Lifetonic August 2021

Brain health

Hi friends

For this month’s Lifetonic, we’re turning our attention towards focusing on a part of our body that we often don’t realise needs a lot of care and attention…

…and that’s our brain!

We rely on our brains to help us do everything we can possibly do in a day, making decisions, moving our bodies, talking to ourselves positively, interacting with others, problem solving, communicating.  Most of these things we do automatically and we can take our brain function hugely for granted, but our brains are an important part of our bodies to care for.

When we care for our brains regularly, we improve our chances of delaying or avoiding age-related cognitive decline and neurodegenerative disorders. We can also improve our overall cognitive function.

But what does that mean for us?

Brain health is essential for long-term healthy living and daily function. While it’s important to start taking care of our brains early on, it becomes even more important the older we get.

That’s why this month’s Lifetonic is to focus on ways to boost our brain health!

Neuroinflammation, or inflammation of the brain, can happen over time, causing the brain to age or atrophy. Symptoms of neuroinflammation can include “brain fog,” slowed thinking, fatigue, and even depression.

While it’s necessary for our bodies to have some inflammation to fight illness, too much inflammation can lead to long-term diseases and declines in our overall health, including brain function.

Here are a few positive steps you can actively and mindfully take, to improve your brain’s overall health:

  • Get enough quality sleep! By getting the right amount of restorative sleep, you can improve your memory, creativity, and focus.
  • Reduce your refined sugar intake. I know, this can be hard, but there is no nutritional value in refined sugar and it can actually create more inflammation in the body.  Sugar hides in just about everything that comes processed or pre-packaged so try and make a mindful swap or two on anything that you are maybe prone to popping in the shopping basket.  For example, can you make your pesto instead of buying a jar?   You can also aim to slowly increase your intake of colorful fruits, like citrus, berries, and apples, which are filled with flavonoids and are known to improve memory.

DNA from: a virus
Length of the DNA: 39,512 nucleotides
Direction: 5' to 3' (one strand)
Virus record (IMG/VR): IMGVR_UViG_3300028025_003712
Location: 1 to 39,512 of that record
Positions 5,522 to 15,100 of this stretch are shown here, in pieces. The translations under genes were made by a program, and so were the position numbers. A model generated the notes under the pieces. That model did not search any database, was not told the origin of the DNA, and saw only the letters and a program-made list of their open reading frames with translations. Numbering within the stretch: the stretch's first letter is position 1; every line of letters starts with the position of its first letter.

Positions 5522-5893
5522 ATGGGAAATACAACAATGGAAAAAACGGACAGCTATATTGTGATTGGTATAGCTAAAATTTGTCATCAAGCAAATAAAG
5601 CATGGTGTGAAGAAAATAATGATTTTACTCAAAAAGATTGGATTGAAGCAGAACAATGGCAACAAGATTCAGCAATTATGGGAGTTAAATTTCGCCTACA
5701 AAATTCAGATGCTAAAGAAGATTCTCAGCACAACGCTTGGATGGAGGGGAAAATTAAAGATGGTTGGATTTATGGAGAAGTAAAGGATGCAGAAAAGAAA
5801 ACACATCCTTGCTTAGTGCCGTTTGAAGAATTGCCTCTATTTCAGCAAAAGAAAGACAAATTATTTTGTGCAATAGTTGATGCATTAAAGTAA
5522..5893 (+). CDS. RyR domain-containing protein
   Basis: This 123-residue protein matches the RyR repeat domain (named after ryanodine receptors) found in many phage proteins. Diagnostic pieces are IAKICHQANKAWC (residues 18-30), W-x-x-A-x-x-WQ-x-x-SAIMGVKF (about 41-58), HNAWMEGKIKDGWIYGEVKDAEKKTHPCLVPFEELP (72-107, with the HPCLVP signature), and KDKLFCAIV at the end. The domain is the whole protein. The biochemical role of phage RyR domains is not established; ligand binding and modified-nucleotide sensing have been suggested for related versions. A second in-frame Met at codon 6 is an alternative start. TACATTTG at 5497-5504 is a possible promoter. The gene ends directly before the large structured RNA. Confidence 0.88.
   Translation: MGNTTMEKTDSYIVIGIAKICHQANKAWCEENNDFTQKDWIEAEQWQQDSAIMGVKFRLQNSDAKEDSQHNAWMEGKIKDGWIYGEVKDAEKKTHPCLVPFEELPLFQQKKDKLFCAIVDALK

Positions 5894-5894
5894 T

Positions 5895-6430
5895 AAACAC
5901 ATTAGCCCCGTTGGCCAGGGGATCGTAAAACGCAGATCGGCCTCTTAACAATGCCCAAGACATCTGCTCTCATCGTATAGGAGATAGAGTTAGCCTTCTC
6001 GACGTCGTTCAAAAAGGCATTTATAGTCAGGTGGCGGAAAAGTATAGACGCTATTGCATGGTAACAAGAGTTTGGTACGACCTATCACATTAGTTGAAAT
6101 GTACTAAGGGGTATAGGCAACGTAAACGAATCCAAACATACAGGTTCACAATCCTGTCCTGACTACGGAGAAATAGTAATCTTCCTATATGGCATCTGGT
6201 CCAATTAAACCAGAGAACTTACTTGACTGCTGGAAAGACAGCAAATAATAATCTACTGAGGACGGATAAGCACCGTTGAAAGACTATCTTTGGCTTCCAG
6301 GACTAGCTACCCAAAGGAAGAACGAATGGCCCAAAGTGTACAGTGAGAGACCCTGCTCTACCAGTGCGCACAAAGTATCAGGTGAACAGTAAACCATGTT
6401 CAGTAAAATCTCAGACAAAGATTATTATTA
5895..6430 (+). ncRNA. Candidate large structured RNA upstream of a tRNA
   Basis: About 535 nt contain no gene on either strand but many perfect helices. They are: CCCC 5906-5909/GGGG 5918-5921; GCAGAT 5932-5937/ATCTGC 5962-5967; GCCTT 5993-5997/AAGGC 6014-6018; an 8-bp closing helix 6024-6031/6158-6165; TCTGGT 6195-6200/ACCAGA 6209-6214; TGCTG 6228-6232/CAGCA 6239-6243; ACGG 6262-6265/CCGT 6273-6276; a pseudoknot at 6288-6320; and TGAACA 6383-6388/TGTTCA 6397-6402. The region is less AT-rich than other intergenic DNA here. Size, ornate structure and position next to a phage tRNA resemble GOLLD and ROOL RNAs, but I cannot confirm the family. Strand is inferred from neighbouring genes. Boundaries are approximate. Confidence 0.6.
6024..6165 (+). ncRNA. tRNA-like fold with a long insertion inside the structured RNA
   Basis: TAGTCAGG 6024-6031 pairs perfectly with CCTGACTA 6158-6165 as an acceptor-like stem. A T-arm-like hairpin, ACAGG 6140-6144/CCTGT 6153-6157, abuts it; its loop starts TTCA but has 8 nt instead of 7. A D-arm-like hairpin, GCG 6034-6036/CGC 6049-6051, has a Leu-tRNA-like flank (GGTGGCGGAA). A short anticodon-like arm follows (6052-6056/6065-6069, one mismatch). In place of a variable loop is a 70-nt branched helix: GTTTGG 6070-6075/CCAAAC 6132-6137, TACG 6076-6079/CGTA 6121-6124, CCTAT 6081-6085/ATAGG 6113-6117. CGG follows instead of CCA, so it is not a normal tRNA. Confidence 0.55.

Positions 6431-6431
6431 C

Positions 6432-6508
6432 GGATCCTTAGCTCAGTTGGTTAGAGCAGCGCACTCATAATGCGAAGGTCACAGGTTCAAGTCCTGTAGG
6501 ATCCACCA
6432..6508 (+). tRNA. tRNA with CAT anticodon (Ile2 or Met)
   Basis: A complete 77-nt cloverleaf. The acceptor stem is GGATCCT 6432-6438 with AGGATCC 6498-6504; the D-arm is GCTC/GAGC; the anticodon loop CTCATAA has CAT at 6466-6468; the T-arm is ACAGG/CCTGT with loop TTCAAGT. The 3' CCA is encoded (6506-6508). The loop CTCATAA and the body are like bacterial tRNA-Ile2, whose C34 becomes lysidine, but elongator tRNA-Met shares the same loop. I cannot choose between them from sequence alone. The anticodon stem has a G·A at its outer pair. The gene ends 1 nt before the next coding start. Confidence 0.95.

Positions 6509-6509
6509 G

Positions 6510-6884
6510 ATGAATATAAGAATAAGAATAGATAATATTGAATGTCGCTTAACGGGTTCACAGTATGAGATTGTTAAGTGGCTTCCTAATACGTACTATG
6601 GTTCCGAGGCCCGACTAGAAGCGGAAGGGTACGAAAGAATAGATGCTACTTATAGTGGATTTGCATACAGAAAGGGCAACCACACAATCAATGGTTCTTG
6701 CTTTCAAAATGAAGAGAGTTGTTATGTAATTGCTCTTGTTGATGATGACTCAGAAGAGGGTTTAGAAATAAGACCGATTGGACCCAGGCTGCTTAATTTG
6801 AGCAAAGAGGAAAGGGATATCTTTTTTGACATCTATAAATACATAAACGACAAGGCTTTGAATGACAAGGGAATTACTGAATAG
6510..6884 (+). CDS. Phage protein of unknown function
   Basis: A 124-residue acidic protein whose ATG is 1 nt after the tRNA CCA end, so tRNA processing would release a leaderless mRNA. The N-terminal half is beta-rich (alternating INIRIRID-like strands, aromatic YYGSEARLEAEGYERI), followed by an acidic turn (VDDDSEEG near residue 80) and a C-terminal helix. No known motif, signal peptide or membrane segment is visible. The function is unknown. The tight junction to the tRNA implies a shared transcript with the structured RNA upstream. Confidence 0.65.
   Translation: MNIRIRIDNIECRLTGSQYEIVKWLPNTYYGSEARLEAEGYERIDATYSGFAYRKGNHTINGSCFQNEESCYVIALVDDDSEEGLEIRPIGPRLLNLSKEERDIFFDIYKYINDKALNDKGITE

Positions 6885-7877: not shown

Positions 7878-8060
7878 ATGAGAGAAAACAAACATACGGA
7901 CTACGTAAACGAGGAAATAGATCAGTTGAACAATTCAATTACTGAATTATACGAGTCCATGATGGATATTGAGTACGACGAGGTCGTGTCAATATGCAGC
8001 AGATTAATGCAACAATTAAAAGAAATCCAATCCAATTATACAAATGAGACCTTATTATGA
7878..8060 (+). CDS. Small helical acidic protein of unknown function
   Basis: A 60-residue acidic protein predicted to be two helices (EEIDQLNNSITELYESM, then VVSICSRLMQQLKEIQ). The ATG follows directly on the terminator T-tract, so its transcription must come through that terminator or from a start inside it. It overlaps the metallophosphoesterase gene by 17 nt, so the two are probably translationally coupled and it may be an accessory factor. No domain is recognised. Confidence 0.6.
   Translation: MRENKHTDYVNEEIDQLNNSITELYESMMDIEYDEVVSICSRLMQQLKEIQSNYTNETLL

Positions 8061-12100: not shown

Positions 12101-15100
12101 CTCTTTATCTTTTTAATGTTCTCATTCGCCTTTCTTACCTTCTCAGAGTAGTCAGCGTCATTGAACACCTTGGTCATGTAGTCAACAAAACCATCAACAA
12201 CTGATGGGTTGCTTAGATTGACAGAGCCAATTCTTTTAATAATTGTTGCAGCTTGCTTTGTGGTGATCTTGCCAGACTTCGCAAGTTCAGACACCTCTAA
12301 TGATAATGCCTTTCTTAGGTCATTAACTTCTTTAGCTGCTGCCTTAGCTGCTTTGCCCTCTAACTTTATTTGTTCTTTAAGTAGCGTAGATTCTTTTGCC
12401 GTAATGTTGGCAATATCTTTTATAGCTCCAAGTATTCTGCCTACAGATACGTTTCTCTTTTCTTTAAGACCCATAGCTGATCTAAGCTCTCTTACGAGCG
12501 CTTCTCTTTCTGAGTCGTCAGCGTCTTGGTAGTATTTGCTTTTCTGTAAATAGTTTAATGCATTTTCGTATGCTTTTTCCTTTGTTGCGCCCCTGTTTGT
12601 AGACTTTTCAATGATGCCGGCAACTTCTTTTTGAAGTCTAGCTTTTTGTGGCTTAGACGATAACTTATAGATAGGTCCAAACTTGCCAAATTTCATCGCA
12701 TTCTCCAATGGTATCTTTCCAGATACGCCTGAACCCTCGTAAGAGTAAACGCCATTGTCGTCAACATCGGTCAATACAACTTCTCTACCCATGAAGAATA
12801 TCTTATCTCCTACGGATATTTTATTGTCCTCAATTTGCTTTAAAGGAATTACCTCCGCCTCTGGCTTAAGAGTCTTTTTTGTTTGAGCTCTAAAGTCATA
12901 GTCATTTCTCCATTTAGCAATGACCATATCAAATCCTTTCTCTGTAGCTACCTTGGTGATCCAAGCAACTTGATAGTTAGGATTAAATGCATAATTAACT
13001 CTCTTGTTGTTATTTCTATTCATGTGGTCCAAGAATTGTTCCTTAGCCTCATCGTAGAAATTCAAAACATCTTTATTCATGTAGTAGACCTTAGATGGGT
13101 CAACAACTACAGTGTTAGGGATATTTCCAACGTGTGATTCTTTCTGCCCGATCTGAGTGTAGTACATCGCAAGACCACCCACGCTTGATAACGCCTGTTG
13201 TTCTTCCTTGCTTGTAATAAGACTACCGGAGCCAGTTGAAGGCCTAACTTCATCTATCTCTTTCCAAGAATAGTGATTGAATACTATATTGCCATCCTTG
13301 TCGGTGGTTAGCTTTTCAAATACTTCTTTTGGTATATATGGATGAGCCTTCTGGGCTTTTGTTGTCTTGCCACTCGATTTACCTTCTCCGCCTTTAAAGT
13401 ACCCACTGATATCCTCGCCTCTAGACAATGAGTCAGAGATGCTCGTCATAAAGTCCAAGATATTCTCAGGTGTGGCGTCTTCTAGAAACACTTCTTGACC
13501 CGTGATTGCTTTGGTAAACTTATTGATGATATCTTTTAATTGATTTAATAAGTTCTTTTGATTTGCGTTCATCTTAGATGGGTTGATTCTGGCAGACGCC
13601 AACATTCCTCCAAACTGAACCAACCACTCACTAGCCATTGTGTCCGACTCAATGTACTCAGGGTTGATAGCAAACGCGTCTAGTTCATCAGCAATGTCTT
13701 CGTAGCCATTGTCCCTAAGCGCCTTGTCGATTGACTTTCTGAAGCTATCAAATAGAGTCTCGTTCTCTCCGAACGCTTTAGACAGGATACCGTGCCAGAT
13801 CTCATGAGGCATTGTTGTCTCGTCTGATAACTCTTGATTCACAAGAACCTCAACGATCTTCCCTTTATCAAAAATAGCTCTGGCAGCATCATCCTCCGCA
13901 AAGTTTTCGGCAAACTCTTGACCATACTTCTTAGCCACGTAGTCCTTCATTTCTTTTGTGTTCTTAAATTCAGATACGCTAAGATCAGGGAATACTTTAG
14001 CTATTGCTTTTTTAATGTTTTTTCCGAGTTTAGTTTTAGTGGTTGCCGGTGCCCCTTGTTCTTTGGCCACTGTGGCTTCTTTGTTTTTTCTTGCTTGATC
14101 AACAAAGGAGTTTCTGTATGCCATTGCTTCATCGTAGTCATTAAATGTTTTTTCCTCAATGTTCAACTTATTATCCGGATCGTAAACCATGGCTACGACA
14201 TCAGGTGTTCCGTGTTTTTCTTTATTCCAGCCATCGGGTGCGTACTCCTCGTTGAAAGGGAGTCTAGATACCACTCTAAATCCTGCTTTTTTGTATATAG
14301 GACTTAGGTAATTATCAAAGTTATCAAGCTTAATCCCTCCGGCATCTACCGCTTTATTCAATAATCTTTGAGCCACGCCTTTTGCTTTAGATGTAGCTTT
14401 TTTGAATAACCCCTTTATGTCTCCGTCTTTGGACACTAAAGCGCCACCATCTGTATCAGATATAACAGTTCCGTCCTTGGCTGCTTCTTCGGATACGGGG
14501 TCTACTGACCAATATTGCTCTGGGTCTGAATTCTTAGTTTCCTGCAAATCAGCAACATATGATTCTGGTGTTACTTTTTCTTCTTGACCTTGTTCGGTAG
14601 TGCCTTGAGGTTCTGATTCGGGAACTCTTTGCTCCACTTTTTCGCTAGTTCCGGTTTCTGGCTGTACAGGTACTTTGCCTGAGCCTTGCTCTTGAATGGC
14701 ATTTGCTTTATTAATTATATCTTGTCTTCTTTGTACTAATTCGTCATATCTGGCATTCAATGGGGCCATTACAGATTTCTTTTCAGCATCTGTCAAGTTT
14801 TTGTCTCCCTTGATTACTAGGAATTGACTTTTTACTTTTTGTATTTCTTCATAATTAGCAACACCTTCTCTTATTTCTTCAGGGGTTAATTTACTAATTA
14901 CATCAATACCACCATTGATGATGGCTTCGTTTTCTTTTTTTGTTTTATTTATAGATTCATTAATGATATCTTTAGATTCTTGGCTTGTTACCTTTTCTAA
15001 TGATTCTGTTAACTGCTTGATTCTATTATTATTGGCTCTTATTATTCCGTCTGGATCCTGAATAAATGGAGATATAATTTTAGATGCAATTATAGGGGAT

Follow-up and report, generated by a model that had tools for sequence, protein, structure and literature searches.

• Eat a variety of colorful fruits and vegetables. By doing this, you can actively increase the number of polyphenols—which help to counter neuroinflammation—and do something wonderful for your body, too!
  • Add certain brain-power foods to your shopping list. Consider putting items like oily fish (organic salmon is a good option ), avocados and walnuts (healthy fats), and even moderate amounts of coffee, tea and good-quality dark chocolate on your grocery list. These foods have proven to have a positive effect on the brain because they contain antioxidants.
  • Move your body! Aerobic exercise increases blood flow to the entire body, including your brain, while helping to reduce “brain fog.” This leads to better memory and learning. In fact, exercise, like Pilates, which requires coordination, also increases the flow of blood and oxygen and has been shown to be exceptional for the brain!
  • Nurture your relationships. Spending time with loved ones and making an effort to nurture positive relationships is also linked to improved brain health. So, be sure to schedule in time with those you love.  Make more of an effort here if you are going to be continually homeworking post lockdown.  We need to make sure we are still connecting with people; quality time and conversations are so good for your health.
  • Exercise your brain, too. We don’t often think about how fun activities can be good for our brains but they are!  The next time you’re trying to decide on a relaxing activity, consider these options: play a card game, try a jigsaw, read a new book, try a sudoku puzzle, listen to or play some music, learn a new skill (didn’t you always want to learn French?!) or even teach one to someone else!
  • Relax your mind and get some fresh air. There are proven benefits to meditation and spending time in nature. Getting outdoors helps us to give the prefrontal cortex of our brains a rest, which increases our creativity and allows us to focus better.
  • Avoid toxic habits whenever possible. Did you know that smoking and consuming too much alcohol can be detrimental to your overall brain health? If you smoke, consider joining a local support group to kick the habit once and for all. And while a little red wine once in a while can be good for heart health, remember to consume alcohol in moderation.

“Reducing inflammation is pretty much the most effective anti-aging strategy of all.” – Dave Asprey

As we get older, our bodies and brains change and adapt. That’s why it’s so important to take care of them as they go through this process.

Many people don’t notice the effects of their lifestyles until they get older. And while genetics do play a part in our overall health, we can make mindful choices to help us continue on the path to good physical and brain health.

I hope you’ll join me this month in caring for our brain health together. Taking intentional steps to care for your body and brain for long-term health benefits is truly empowering and helps keep us young!

Love Julie x



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Meet Julie

Hi, I’m Julie owner of Ostara Pilates and creator of The Lifetonic Club. Here you’ll find pilates workouts, educational resources and practical tips dedicated to woman at midlife.  You’ll learn how to build a better relationship with your body and mind during one of the most significant periods of your life and how to create a simple wellness routine so as you feel supported even on the days where you have no energy.   Read more.

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